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Alice Munro hails Urquhart's "most compelling depiction of the sense of place in human lives." "Urquhart's writing is poetic, in the sense that it is beautifully compact and restrained when describing the most powerful emotions," says The Times. The author Claire Messud praises her as having "a great gift for the historical novel, for the melding of ideas, events and individuals into a significant whole."
In Sanctuary Line Urquhart has created a nuanced and moving novel about family legacies, love, and betrayal. Solitary, nostalgic Liz Crane returns to her family's now-deserted farmhouse--once the setting for countless happy summers spent on the northern shore of Lake Erie--to study the migratory habits of the Monarch butterfly. Encompassing all the colorful stories and blarney of successful Irish immigrants who have made the most of their relocation to North America, the Cranes' rich family history is now circumscribed by sadness. Liz's beloved cousin Amanda, a gifted military strategist, has been killed in Afghanistan, a loss that had been foreshadowed many years in the past by the disappearance of Amanda's charismatic father.
Reflecting on the fragility and transience of human life and relations--mirrored in the butterflies' restless flight patterns and transcontinental migrations--Liz finds that love is there to be found where, and when, you least expect it.
About the Author
Jane Urquart was born in Little Long Lac, Ontario, and grew up in Toronto. She is the author of five internationally acclaimed novels: The Whirlpool, which received Le prix du meilleur livre etranger (Best Foreign Book Award) in France; Changing Heaven; Away, winner of the Trillium Award and a finalist for the prestigious International IMPAC Dublin Literary Award; The Underpainter, winner of the Governor General's Award and a finalist for the Rogers Communications Writers' Trust Fiction Prize; The Stone Carvers, which was a finalist for The Giller Prize and the Governor General's Award, and longlisted for the Booker Prize; and A Map of Glass, a finalist for a regional Commonwealth Writers' Prize for Best Book. She is also the author of a collection of short fiction, Storm Glass, and four books of poetry, I Am Walking in the Garden of His Imaginary Palace, False Shuffles, The Little Flowers of Madame de Montespan, and Some Other Garden. Urquhart has received the Marian Engel Award, and is a Chevalier dans l'Ordre des Arts et des Lettres in France and an Officer of the Order of Canada. She lives in Ontario and spends part of every year in Ireland.
"Sanctuary Line is delicately balanced, powerful and purposeful, and is Urquhart at her best, a storyteller and stylist of the first rank."—Gary Curtis, Hamilton Spectator
Praise for Jane Urquhart:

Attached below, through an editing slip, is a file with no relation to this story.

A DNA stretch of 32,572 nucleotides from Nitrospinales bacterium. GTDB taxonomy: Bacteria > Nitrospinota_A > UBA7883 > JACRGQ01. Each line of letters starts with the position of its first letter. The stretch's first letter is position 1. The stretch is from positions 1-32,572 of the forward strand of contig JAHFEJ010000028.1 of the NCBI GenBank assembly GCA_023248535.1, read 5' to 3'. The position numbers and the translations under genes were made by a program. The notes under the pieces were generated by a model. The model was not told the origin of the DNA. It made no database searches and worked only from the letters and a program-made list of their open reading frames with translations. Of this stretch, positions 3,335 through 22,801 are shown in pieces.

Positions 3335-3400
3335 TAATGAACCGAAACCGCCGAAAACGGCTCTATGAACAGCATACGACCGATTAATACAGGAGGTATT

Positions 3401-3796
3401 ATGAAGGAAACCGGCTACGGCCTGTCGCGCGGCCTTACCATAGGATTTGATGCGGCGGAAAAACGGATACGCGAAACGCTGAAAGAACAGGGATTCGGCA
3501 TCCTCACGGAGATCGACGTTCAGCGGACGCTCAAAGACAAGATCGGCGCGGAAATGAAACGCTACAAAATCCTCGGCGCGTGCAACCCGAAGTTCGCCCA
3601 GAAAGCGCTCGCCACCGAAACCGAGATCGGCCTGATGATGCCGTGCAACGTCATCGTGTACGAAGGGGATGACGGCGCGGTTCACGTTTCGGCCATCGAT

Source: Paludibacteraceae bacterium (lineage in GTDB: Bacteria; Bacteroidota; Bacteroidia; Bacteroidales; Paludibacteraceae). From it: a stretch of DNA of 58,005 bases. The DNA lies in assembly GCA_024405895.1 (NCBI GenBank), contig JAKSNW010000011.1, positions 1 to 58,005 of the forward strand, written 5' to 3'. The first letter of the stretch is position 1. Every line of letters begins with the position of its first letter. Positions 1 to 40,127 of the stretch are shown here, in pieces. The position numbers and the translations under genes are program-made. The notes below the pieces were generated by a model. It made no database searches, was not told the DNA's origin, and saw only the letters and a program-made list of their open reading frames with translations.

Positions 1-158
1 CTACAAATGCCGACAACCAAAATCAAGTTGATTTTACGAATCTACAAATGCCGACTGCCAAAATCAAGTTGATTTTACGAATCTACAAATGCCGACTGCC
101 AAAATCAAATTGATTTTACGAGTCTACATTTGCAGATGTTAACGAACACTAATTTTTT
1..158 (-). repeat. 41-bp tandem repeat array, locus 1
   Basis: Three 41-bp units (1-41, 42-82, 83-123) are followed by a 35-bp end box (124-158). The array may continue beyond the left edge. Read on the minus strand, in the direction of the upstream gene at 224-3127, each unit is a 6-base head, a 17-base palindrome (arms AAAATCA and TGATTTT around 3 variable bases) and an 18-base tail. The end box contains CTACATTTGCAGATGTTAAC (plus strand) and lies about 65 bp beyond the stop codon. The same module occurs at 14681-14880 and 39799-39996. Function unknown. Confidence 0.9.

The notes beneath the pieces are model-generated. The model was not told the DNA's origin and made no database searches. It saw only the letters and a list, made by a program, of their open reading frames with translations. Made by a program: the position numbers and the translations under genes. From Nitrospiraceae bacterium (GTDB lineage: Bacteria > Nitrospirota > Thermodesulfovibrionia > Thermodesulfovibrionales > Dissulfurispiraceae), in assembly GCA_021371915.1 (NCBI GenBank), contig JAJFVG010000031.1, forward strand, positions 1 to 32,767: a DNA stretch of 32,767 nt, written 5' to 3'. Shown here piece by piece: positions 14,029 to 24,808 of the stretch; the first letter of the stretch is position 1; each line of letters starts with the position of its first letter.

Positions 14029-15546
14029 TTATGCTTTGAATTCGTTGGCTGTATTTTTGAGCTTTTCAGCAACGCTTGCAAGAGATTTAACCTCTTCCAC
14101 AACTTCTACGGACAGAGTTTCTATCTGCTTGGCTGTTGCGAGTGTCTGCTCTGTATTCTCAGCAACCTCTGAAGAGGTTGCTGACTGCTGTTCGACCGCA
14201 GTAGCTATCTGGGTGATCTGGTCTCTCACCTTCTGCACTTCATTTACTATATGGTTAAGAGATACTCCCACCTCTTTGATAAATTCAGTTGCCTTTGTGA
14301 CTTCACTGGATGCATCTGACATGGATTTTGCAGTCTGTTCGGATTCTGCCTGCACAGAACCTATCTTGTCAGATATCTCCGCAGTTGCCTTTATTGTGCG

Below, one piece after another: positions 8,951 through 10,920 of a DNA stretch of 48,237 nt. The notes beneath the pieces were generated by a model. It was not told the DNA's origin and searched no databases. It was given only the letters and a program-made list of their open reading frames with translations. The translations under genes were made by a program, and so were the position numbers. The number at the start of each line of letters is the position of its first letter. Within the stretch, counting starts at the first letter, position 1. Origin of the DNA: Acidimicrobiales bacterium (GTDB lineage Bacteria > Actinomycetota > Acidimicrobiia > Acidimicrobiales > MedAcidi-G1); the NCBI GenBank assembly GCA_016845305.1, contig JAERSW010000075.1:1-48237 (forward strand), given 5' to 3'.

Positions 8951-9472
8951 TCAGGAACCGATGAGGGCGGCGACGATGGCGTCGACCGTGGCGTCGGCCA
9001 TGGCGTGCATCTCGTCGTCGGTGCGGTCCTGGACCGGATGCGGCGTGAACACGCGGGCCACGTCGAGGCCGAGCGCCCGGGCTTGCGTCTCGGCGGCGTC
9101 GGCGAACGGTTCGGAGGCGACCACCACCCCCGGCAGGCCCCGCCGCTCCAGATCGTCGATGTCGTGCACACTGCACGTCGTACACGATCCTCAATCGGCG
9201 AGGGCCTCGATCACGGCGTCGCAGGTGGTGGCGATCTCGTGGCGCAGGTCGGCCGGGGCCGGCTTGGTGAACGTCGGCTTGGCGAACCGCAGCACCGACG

"The most compelling depiction of the sense of place in human lives."—Alice Munro
Praise for Sanctuary Line:
"Captures very deftly the sense of a disappearing world, created with such personal sacrifice by the first settlers... Urquhart handles the layers of narrative with lyrical aplomb."—Susan Elderkin, The Financial Times
"[A] finely tuned read."—Kirkus Reviews
"Urquhart's writing is poetic, in the sense that it is beautifully compact and restrained when describing the most powerful emotions."—Kate Saunders, The Times
"Urquhart's style is reminiscent of that of the Pulitzer-winner Marilynne Robinson . . .The real delight in Urquhart's story is the language she uses to weave it. She's a poet, even when she's writing novels."—Mary Morrissy, Irish Times
"Urquhart tells many smaller stories with quiet, understated writing, using the contemplative Liz as a narrator enough of an insider to know all the details, but enough of an outsider to see through to the truth, and now, grown up enough to give some perspective... what she shares is worth examining."—Lisa McLendon, The Wichita Eagle
"Urquhart has a great gift for the historical novel, for the melding of ideas, events and individuals into a significant whole."—Claire Messud
"Urquhart builds up a picture of a vanished idyll... Urquhart's prose brims with... emotional sensitivity."—Susanna Rustin, The Guardian
"Urquhart builds stories like an architect... the brilliance of [the] powerful ending is that it makes us want to start again from the beginning."—Emily Donaldson, Toronto Star
"The payoff in Sanctuary Line is... spectacular--a multiple detonation that reverberates back to many earlier events and phrases."—David Grylls, Sunday Times
"Readers will want to return to this novel several times, drawn into the story by the age-old question of why humans do what they do. The Canadian Urquhart is a...—
"Quietly moving... Another stately, thoughtful work from award-winning Canadian author Urquhart."—Barbara Hoffert, Library Journal
"Powerful... Urquhart knows love and longing, knows life and its many permutations. She has given us a multifaceted novel bursting with all of that."—James MacGowan, The Ottawa Citizen
"Measured, dignified, calm on the surface but containing as much thematic richness and plain literary pleasure as a reader could care to dig for."—Montreal Gazette
"In precise yet passionate prose, acclaimed Canadian writer Urquhart poignantly explores the ephemeral and transitory nature of love and family duty, offering a melancholy meditation on these gossamer but powerful ties."—Carol Haggas, Booklist
"I'm grateful to have spent time with Sanctuary Line and soaked up Urquhart's nuanced wisdom."—Vancouver Sun
"Haunting... and the ending, when it comes, is well worth the wait, revealing the answers to mysteries we didn't even know existed."—Donna Bailey Nurse, The Globe and Mail
"A novel of the mind and heart. . . intriguing reading."—Bookviews.com
"A lovely reverie from its first sentence."—More magazine